We have been trying to work with her about her fears but to be perfectly honest (and I know other parents will agree) – “explaining” away a fear to a two-year-old is like trying to make a brick wall understand physics. Nothing gets through!

Some of the suggestions that I’ve heard are to expose the child to the fear – demonstrate that the vaccuum won’t suck up your big brother so it won’t suck you up either! Use “lovies” (stuffies, blankies) to stand guard over the child. Practice and pretend (like – easing a child’s fears about Doctor offices).

Most importantly – don’t show your child that YOU are scared of something! This one is REALLY difficult for me – at least when we go off-roading in our Jeep. Juliana used to LOVE going on Jeep rides. But I guess since I showed some fear a couple times she really flips out. I know we are safe – but still. It’s a little scary sometimes.

This will be an ongoing process I guess. If you have ANY tips to share please do! I appreciate it!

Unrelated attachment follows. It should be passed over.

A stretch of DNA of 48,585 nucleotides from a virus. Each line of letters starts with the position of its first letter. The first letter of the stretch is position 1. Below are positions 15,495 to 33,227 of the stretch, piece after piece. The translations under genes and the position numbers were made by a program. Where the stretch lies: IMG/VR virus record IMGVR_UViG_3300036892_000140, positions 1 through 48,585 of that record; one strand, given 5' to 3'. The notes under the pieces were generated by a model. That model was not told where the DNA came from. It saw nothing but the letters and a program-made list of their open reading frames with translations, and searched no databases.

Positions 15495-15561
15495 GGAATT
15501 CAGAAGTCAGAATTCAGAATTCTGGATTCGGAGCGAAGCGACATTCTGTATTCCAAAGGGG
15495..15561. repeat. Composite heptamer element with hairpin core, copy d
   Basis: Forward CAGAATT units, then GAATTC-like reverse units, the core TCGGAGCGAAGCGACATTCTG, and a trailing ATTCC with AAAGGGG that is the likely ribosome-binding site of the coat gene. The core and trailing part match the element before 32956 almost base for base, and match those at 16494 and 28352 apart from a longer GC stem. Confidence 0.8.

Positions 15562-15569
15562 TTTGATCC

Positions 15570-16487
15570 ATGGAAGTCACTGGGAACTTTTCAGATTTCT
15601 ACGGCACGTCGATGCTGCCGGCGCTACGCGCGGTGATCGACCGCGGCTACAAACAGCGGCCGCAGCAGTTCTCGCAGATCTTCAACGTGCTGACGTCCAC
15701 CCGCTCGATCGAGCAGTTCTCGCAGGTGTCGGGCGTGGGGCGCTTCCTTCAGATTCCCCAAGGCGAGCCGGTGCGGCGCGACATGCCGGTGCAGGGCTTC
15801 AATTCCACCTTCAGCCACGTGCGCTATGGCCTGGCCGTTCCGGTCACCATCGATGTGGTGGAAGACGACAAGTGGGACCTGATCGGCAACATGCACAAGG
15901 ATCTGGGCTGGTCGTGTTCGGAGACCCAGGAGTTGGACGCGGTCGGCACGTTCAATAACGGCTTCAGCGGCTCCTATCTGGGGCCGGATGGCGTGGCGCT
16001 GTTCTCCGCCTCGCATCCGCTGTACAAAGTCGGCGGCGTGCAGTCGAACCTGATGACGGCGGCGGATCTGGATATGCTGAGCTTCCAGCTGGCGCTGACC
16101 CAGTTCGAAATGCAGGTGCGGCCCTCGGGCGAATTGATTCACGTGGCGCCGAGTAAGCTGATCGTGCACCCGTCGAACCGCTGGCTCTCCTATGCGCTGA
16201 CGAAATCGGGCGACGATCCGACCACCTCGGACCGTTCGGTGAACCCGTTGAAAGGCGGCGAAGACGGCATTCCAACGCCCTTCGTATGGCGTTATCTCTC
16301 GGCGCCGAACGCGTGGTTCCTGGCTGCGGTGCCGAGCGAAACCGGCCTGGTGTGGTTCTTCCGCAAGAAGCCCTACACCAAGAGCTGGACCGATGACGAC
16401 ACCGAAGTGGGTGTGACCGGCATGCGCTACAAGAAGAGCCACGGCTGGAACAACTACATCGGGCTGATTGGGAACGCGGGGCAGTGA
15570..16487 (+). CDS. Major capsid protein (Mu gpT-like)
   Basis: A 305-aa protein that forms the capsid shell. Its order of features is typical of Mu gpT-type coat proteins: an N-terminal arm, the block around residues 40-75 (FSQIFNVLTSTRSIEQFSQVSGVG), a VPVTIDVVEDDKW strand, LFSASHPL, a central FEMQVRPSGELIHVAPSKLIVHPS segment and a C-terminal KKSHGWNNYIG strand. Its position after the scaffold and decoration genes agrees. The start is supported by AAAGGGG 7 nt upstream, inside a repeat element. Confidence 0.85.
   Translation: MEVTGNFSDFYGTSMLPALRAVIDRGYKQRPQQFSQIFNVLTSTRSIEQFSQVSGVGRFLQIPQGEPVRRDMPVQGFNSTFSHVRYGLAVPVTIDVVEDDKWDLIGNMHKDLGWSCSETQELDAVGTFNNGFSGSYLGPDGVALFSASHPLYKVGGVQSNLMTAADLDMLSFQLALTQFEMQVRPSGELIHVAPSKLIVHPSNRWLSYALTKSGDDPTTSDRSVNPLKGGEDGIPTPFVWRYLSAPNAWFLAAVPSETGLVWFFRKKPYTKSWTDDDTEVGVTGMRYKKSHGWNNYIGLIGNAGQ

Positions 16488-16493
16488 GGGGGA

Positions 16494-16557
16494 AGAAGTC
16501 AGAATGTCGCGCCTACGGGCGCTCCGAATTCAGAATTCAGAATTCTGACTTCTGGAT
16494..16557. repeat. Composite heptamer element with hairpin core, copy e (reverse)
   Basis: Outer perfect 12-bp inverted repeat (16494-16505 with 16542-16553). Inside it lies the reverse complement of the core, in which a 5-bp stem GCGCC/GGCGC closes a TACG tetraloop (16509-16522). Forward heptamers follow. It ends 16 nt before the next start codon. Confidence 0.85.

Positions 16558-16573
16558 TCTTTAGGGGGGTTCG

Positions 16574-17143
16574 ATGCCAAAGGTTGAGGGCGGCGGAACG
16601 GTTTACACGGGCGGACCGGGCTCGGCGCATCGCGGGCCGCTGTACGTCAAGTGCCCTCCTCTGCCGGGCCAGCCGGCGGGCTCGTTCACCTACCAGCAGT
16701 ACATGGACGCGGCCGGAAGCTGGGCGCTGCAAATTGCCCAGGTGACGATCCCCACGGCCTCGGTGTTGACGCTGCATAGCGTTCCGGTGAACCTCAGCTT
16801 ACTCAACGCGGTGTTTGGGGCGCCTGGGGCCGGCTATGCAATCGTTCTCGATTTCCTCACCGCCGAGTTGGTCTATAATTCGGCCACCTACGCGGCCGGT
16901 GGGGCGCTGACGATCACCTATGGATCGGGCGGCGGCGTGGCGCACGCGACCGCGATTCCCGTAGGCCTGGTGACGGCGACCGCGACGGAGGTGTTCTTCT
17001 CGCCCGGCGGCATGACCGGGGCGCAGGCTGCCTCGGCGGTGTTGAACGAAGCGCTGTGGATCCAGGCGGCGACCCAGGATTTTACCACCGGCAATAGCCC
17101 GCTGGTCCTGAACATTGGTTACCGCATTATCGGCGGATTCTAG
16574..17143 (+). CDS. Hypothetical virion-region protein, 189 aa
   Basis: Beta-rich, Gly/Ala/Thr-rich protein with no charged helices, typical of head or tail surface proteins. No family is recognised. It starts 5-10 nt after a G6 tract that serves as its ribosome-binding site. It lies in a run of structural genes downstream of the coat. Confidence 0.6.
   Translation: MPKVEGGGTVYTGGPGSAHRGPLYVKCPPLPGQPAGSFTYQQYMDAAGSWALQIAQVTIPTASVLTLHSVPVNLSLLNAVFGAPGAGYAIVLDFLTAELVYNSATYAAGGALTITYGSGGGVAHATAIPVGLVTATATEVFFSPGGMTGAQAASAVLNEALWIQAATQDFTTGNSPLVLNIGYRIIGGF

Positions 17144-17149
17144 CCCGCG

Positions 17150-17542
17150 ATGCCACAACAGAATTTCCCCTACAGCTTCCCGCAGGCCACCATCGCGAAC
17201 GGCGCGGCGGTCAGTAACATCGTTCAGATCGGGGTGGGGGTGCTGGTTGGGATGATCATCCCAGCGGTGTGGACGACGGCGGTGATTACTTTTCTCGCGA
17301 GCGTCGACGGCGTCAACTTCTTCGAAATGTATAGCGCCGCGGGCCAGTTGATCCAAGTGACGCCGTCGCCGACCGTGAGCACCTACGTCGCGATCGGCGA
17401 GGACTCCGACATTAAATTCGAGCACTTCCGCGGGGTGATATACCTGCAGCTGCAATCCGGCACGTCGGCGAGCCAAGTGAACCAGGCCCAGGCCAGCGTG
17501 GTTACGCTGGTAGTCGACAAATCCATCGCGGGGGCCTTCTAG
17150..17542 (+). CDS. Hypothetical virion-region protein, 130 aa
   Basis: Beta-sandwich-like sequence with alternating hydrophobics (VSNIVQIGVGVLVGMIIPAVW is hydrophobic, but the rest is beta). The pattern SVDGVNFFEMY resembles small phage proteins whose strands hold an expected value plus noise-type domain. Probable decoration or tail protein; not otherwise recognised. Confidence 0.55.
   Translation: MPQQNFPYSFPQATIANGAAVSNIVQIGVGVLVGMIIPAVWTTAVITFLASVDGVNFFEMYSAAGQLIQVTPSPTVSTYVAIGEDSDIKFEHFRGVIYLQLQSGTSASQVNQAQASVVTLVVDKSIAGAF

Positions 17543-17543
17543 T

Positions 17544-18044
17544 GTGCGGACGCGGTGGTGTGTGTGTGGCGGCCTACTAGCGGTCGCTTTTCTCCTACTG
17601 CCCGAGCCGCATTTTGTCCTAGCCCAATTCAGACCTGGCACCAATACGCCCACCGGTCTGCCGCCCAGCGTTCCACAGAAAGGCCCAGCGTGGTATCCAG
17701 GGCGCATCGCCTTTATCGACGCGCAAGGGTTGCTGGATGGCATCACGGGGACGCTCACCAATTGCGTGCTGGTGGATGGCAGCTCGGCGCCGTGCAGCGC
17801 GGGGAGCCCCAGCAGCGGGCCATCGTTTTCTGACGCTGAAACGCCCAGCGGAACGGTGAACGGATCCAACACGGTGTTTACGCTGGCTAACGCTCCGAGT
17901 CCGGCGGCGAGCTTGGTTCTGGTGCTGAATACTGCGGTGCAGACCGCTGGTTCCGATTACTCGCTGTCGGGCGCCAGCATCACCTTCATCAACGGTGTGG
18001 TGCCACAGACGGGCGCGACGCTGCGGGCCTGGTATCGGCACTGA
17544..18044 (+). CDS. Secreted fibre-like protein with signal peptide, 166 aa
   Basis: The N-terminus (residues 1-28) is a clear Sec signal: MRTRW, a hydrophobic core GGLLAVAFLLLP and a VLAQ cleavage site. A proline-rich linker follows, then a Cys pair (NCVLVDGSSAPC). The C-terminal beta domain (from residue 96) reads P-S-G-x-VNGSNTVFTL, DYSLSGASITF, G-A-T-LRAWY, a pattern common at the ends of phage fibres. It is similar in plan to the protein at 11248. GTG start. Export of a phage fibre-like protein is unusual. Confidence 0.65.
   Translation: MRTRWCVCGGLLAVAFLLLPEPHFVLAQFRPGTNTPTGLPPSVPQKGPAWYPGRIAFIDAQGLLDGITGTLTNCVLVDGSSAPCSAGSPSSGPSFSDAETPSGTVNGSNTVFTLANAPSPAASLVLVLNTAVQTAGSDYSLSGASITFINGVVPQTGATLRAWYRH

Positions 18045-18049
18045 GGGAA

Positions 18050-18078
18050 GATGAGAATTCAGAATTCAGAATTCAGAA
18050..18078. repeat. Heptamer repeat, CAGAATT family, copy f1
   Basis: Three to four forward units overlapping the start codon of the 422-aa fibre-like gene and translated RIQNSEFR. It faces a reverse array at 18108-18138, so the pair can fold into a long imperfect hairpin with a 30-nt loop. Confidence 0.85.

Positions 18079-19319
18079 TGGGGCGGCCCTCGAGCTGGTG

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Military Families Near and Far

Military Families Near and Far is a free, bilingual (English and Spanish) website where families can create, communicate, and stay connected. Developed for military families, the site provides new ways for preschool and school-aged children to express themselves and communicate within their own family networks.

Families can add characters from Sesame Street and The Electric Company to their networks to get messages from these special friends. New interactive tools for creating art, music, videos, letters, cards, and notebooks help kids explore their emotions and encourage communication. Materials from Sesame Street’s ongoing Talk, Listen, Connect initiative and new materials from The Electric Company provide resources for parents and caregivers to help children cope with challenging transitions.

Military Families Near and Far is an extension of Sesame Workshop’s ongoing efforts to support our troops and their families.

Talking to Our Kids about Newtown

In an open letter to parents, First Lady Michelle Obama offers some ideas for discussing the tragedy in Newtown with children and young people. Read the First Lady’s letter below:

Dear parents,

Like every American, Barack and I are absolutely heartbroken about the unspeakable tragedy that occurred last week in Newtown, Connecticut.  And like so many of you, our first reactions were not as a President and First Lady, but as a Mom and Dad.  We were asking ourselves, what if this had been our town, or our school, or our girls?

[ read the rest ]

Talk, Listen, Connect with your Military Kids